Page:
The Marine Advanced Technology Education (MATE) Center, the National Science Foundation, and the Marine Technology Society's (MTS) ROV Committee hosted their 13th Annual International Student ROV Competition June 26-28, 2014 at Thunder Bay National Marine Sanctuary (TBNMS) in Alpena, MI, USA.
Sixty teams representing middle schools, high schools, home schools, after-school groups, community colleges, and universities from 18 different states and 13 different countries competed in this year's event.
It’s not every day that you drive underwater; in early May, seven Bay students did just that, operating a Remotely Operated Underwater Vehicle (ROV) at the M.A.T.E. Monterey Bay Regional ROV Contest in Aptos. Returning to the competition for the first time since 2009, Bay’s team competed in the most advanced division of the competition, the RANGER class.
The Marine Advanced Technology Education (MATE) Center at the Monterey Community College in collaboration with Washington State University is engaging in a scale-up study of the remote operated vehicle (ROV) program to new audiences of middle and high school students and teachers. The MATE ROV competition is an engaging platform to prepare middle and high school students for careers in the ocean STEM workforce.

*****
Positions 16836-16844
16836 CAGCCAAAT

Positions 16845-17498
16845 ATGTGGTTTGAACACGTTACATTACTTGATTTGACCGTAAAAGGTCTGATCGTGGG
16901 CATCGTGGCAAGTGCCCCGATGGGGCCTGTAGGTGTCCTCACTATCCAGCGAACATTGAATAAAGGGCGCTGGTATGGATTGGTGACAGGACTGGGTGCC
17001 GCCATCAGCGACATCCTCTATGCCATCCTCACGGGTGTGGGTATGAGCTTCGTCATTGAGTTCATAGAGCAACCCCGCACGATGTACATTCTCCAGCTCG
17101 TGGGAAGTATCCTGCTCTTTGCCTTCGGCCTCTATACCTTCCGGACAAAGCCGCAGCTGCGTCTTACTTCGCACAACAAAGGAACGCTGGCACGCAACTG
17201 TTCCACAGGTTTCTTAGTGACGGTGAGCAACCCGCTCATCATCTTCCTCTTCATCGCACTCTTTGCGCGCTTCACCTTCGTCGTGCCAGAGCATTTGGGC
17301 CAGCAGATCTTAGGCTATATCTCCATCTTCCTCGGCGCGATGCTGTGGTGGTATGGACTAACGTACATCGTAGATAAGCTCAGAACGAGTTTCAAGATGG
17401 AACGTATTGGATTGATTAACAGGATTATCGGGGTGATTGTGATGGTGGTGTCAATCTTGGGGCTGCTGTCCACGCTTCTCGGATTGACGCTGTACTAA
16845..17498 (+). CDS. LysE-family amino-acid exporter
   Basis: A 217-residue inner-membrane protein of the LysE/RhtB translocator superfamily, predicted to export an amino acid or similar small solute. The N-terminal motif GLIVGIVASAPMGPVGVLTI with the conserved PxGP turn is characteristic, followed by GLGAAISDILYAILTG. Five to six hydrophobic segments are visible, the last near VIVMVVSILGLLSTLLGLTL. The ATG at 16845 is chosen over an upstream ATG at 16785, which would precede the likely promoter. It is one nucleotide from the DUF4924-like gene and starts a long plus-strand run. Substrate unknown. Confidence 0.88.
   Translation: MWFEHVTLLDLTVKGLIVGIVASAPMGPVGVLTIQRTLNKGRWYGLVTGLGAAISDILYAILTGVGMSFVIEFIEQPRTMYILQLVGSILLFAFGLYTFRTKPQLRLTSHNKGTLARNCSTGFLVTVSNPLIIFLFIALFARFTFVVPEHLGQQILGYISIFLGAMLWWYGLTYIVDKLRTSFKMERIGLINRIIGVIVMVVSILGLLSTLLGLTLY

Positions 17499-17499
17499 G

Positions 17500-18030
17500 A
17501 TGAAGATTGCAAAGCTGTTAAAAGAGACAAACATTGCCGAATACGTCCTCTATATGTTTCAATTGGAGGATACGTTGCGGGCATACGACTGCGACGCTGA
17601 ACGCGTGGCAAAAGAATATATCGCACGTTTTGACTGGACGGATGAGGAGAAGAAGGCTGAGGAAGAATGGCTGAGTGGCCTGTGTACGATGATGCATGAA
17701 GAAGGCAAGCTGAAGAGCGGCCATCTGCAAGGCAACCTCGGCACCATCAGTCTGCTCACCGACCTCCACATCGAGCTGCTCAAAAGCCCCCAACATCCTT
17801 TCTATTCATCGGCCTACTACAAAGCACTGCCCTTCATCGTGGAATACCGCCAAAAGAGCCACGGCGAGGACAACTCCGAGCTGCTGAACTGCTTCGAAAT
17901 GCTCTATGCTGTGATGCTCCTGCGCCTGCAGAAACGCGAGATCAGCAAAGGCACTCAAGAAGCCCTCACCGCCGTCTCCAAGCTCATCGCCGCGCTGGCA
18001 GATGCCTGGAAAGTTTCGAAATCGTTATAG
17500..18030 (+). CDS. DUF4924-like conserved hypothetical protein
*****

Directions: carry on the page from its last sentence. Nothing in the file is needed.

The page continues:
The MATE Center has a variety of curriculum projects:
2013 was the 12th year the Marine Advanced Technology Education (MATE) Center at Monterey Peninsula College has held this competition. Their goal in doing so was to increase awareness of marine technical fields and careers. Their efforts connect students and educators with employers and working professionals. The ROV competition is a big event, but it is not all they do. Their workshops provide educators with resources and training to bring the world of marine technology, research, exploration and industry to their classrooms.
Check out the students - and their underwater robots - who competed in the 2018 MATE international ROV competition, which took place June 21-23 at the Weyerhaeuser King County Aquatic Center in Federal Way, Washington, USA.